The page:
Transphobic language in compliments, like congratulating an AMAB (assigned male at birth) person for successfully executing a red lip or "pulling off" looking feminine, is very disrespectful to trans, queer, and non-binary people. Femininity and masculinity belong to anyone who claims them, and just because you're an AFAB person doesn't mean you own femininity more rightfully or successfully than your AMAB friend (and vice versa).
Of course you can tell your friend their lipstick looks good, but try not to sound surprised about it. That can make anyone feel self conscious about their body. Boost your friend's self esteem without calling their gender into question.
6. Don't Solely Compliment On Physical Aspects
It's important to keep your compliments varied, and use universal adjectives. For example, it's better not to say things like, "Wow, your boobs are so big," "That outfit looks so expensive," or, "Gosh, you look like you've lost weight!"
Of course, our preferences surrounding language vary from individual to individual. But to be safe and to avoid triggering other humans, it's often best to stick to things like, "You look so regal!" or, "I love that top," or, "That lipstick is a beautiful color." Less vocabulary that implies perfection, defined muscles, thinness, class, etc. is often the safest way to go.
7. Don't Question Your Feminine Friends When They Shop In the Men's Department (Or Vice Versa)
I've been made to feel self-conscious about my gender while shopping on multiple occasions, usually as a combination of my friends and sales associates quickly alerting me that I am venturing into the "wrong" department. Please don't do this. Gender norms are a construct, and everyone has the right to dress however they choose without feeling obligated to perform a specific gender. Try to be a body positive ally to your friends and aware of genderqueer and trans identities by not being the gender police on your fun shopping day out (or ever).
8. Try Not To Ask To Touch Someone's Natural Hair
... and definitely don't touch it without permission. I can't count the amount of times I've heard white folks ask their friends of color (and often strangers) if they could touch their hair. This can be incredibly inappropriate, especially when concerning someone you don't know. As Bustle's Justin Robert Thomas Smith wrote on growing up "exotic" and on people's desire to touch and comment on his hair, "Do you realize that you're alienating me right now by treating me like some sort of zoo animal? But most importantly, do I even know you?"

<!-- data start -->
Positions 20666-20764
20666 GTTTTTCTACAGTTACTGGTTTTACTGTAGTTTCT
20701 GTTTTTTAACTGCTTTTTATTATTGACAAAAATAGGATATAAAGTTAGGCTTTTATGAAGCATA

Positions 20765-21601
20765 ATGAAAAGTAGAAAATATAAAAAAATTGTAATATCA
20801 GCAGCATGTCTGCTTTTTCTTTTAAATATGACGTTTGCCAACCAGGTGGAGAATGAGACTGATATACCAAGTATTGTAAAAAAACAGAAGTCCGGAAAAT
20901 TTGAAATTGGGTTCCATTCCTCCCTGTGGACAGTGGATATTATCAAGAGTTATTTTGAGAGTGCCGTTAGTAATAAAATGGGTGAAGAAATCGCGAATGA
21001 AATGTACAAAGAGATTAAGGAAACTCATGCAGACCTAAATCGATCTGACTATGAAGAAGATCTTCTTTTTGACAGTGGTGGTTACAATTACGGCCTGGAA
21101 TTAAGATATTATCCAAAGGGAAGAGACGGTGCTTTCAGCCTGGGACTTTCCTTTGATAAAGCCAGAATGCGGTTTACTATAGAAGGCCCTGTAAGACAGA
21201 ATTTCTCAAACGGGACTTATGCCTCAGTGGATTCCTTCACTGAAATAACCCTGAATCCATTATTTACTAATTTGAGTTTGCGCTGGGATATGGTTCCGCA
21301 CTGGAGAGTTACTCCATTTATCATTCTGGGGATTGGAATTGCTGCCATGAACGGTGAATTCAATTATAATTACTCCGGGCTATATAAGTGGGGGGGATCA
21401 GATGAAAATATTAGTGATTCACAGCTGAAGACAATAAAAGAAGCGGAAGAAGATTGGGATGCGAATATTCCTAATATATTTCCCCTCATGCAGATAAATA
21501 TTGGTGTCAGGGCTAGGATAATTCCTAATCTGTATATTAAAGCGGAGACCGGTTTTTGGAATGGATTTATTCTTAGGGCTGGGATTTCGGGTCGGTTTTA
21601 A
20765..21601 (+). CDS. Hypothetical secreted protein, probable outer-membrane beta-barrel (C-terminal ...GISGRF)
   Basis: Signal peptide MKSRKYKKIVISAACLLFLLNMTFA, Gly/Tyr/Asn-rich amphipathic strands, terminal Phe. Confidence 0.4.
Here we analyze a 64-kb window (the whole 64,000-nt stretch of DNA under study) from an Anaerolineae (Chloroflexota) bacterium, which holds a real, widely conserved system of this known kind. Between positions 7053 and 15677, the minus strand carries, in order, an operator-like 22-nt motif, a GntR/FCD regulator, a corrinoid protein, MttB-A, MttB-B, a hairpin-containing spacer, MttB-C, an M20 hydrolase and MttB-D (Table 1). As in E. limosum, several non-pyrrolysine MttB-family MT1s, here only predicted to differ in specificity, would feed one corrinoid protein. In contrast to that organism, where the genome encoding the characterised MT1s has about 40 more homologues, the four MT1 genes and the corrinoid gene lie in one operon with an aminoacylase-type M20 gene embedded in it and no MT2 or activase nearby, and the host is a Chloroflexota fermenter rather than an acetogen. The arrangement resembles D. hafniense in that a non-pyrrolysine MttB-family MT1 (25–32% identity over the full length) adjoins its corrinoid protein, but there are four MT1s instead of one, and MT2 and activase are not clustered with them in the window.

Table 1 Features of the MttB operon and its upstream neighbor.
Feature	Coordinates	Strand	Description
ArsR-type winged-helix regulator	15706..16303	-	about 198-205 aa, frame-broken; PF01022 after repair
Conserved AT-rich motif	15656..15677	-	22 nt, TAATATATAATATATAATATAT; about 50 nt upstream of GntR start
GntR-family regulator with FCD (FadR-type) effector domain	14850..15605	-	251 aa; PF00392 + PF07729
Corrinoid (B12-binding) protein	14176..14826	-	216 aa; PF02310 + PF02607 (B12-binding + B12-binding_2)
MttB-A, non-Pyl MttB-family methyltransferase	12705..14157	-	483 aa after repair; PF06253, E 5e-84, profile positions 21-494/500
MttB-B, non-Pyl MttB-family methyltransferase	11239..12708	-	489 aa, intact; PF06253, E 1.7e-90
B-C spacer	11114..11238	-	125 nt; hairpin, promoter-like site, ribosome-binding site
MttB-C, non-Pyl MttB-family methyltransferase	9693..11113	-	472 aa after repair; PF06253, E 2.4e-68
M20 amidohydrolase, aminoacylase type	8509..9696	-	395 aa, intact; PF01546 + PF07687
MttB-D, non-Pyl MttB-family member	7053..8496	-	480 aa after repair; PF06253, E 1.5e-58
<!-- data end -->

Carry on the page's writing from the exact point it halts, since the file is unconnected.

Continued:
Imposing your fascination with the bodies of others by invading their personal spaces is never the way to go. Try to avoid compliments that can "other" the person, like, "Wow, I love your skin! It's so dark and exotic." Monitoring any racist microagressions that you're prone to is super helpful in being more body positive towards others.
9. Don't Ask To Touch Someone's Tattoos, Either
Invading the personal spaces of others to feed your fascination is ultimately body negative, if not just odd. Asking someone, especially strangers, whether you can touch their ink can feel super violating. Tattoos are one of many personal choices that are regularly considered to be alternative (including other body modifications like piercings, and personal maintenance habits like body hair), but that doesn't mean everyone with a tattoo is asking for constant attention and questions.
While it's certainly acceptable to tell someone you love their ink, try to gauge whether the person you're talking to is someone who values personal space and not being touched before asking to feel their ink. Also, try never to touch that person's tattoo without first asking.
10. Be Respectful Of People With Disabilities
In a post for FWD/Forward, a group blog written by and for disabled feminists, blogger Annaham taps into "abled privilege." She notes that "being stared at or questioned about (with varying degrees of invasiveness) his/her/zie’s disability or condition by strangers" is one of the many examples of able-bodied privilege. Even if you think you mean well, asking a person in a wheelchair or someone with burns or scars to recount what has happened to them (or straight up staring at them) is not only rude, but body negative. Resist your curiosity by avoiding ableist tendencies and asking invasive questions that might make your friends feel self conscious or triggered.
11. Call Out Body Negativity With Your Friends
Most importantly, it's essential that you stay conscious of all the ways you can possibly be body negative towards others. As much as it's your responsibility to be kind and body positive to your friends, it's also important to point out when your friends are being problematic.
If a conversation is rooted in tearing others down or making judgments about people's bodies, simply change the convo. Encourage others to consume less body negative media, and call out the bad sh*t together. Having conversations about body positivity and the intersectionality of it all can help us all be better humans. Not to mention that it can motivate us to fully understand the value of self love for both ourselves and others who do not have the same privileges as we may have.